Are Non-Credit Tenants Worth it?

Non-credit tenants are generally private, smaller businesses. They may be a mom and pop type shop. The financial strength of these businesses can be much less than that of a credit tenant. The type of business is a large factor also. Smaller credit tenants require a greater degree of risk underwriting and analysis to protect your downside. For example, is the business restricted to local foot traffic only or is it also online. If online, what percentage of revenues does that account for? 

Ask to see the last 2-3 years of audited financials or tax returns to establish a trend. Review the business the same way a lender would, who is lending them a large chunk of cash. Is the customer mix diverse or concentrated in one sector? Check debt ratios and EBITDAR (Earnings before Insurance Taxes Depreciation and Rent), etc. Such analysis will help in determining the business’s revenue diversity and variability as a reliable tenant.

In a stand-alone building with a triple net lease, smaller businesses can be risky. But in a shopping center where there is more overall traffic, risks can be reduced for the same tenant.

Thorough due diligence is at the heart of determining if any potential tenant will be a good fit. There isn’t any reason to disregard all non-credit tenants.  The increase in risk should be balanced by an increase in return.  For the right investor, non-credit tenants can certainly be worth it after proper analysis of their business financials have been completed.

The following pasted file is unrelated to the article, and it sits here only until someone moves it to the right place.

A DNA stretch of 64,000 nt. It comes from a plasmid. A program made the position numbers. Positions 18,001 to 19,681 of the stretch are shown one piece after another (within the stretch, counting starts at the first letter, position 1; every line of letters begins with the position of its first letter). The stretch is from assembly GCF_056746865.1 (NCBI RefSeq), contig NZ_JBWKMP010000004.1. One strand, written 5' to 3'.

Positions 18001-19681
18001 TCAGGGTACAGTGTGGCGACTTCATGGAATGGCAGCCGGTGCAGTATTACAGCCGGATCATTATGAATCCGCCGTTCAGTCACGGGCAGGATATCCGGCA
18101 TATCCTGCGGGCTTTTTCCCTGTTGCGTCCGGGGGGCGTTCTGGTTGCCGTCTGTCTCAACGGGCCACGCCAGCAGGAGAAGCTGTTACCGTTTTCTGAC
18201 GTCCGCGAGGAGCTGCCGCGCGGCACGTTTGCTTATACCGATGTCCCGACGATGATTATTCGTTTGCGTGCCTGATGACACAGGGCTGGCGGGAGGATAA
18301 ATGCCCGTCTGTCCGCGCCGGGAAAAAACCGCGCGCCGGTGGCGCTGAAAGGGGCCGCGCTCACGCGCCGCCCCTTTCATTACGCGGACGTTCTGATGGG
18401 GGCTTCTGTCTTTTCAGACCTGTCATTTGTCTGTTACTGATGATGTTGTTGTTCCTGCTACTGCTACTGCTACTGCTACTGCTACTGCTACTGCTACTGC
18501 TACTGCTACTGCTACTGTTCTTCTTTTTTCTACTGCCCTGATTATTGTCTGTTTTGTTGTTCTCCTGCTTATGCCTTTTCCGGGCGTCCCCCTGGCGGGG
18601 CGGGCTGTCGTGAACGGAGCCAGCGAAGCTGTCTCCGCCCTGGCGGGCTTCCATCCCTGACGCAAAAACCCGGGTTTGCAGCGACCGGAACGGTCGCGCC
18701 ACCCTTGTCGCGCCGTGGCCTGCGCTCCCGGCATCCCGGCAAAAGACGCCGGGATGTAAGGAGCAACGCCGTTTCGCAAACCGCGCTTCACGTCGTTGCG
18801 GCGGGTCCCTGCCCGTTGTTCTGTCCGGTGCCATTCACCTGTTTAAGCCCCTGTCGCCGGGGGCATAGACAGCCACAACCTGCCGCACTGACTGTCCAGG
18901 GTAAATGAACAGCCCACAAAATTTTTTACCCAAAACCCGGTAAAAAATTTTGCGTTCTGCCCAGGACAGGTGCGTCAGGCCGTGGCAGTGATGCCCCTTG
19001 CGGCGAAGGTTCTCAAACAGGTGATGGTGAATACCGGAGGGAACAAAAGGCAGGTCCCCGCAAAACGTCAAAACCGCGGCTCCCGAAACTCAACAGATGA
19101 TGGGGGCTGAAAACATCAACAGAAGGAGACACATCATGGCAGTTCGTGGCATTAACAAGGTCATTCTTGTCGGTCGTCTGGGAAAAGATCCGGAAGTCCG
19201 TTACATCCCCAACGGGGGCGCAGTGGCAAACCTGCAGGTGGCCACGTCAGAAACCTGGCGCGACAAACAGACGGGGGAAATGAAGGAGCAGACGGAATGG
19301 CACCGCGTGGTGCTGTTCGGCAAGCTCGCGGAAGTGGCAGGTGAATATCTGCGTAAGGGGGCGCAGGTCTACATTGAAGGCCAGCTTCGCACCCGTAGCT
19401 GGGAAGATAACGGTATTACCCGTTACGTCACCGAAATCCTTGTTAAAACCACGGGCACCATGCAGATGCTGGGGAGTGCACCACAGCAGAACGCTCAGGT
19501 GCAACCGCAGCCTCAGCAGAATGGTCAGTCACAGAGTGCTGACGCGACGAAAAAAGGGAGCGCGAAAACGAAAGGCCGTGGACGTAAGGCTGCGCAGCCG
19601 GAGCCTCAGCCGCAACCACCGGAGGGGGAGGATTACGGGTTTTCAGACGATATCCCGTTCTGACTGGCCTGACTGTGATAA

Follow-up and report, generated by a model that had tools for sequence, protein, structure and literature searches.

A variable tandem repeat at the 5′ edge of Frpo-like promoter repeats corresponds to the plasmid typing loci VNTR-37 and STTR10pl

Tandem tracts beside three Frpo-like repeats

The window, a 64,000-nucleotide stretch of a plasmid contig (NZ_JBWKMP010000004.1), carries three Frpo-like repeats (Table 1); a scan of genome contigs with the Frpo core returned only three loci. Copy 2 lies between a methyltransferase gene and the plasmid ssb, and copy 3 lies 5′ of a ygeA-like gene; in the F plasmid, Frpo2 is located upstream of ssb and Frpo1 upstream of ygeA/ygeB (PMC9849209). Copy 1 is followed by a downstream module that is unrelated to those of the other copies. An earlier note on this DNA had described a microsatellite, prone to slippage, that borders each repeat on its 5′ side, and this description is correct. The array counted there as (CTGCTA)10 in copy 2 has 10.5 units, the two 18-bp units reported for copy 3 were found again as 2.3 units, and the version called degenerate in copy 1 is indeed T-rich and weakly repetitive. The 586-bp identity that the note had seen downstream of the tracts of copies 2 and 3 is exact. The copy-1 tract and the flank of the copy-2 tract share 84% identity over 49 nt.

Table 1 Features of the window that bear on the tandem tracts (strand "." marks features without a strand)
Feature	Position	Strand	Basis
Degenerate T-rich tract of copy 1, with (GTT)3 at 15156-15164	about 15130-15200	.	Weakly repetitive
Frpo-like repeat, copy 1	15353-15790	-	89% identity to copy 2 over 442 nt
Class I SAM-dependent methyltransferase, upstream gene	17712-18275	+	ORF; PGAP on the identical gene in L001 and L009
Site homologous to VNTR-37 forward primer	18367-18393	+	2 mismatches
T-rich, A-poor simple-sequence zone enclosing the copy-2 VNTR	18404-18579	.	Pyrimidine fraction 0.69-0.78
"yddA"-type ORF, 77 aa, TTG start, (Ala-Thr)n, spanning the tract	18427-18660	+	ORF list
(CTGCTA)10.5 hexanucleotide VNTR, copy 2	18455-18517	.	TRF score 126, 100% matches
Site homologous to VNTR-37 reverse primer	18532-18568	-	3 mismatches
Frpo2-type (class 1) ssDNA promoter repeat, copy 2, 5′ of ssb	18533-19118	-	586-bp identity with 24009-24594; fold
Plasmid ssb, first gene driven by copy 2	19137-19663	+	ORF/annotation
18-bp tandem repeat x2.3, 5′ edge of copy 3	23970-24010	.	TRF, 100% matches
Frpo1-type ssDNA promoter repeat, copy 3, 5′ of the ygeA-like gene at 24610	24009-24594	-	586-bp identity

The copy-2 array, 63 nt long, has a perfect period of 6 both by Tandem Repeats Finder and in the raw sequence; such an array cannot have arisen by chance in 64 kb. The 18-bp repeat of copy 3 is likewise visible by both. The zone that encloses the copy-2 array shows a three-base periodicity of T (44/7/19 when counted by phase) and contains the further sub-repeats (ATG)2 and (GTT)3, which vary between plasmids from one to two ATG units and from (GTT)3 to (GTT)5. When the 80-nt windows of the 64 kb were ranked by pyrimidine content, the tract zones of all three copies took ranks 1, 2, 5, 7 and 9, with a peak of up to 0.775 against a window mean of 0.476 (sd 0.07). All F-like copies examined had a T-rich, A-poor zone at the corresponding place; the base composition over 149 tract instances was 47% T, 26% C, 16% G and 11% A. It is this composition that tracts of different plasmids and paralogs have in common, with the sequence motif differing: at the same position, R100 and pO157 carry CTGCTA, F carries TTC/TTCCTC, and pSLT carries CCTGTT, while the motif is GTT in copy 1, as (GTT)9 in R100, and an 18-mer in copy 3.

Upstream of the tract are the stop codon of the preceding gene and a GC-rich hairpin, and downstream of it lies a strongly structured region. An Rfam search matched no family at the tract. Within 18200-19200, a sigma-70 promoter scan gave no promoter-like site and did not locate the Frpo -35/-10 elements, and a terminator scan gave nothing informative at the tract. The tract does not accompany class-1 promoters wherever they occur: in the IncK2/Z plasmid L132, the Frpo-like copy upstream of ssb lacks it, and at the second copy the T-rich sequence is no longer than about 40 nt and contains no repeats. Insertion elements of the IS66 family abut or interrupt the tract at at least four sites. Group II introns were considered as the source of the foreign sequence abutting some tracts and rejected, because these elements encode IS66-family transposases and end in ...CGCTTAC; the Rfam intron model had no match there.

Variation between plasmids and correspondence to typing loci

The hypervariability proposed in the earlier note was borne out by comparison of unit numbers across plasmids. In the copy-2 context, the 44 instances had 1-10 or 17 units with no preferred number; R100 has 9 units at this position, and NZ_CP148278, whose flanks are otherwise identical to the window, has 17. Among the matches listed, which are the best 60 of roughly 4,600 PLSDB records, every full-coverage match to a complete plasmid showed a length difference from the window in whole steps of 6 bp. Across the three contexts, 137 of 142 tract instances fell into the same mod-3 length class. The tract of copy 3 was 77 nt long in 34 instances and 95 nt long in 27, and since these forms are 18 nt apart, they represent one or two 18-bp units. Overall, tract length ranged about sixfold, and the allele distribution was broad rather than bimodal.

This is not to confuse a non-credit tenant with a low-credit tenant. The two are very different. A low-credit business is considered high risk and not favorable as a tenant. It might be tempting to consider a low-credit tenant because of the higher rents that can be charged. However, these tenants are at a greater risk of failing during a downturn.

Keep in mind that lenders take into consideration lease terms and a property’s aggregate creditworthiness, which includes the sum of its tenant credit ratings. So in a portfolio of tenants, low-credit tenants will drag down the overall rating, which can lead to unfavorable lending terms and eventually lower returns upon exit. 

Does A Government Tenant = Credit Tenant?

If a credit tenant offers plenty of cash flow stability and is considered financially strong, is a government tenant even better?

In short — they can be. Government tenants are the lowest risk tenants on the market. Thinking back to bond ratings from earlier, government tenants are able to sometimes borrow at super low Treasury rates because of their extremely high credit rating. It is important to understand which entity is on the lease, and which government department the building is serving. Could the department/entity up and leave, or is it mission critical? Is the department/entity temporarily funded?

Is a government tenant worth it? Like any lease, it will depend on the terms demanded by the tenant. You probably won’t be able to charge the highest rents with a government tenant. However, your cash flows could be consistent and reliable.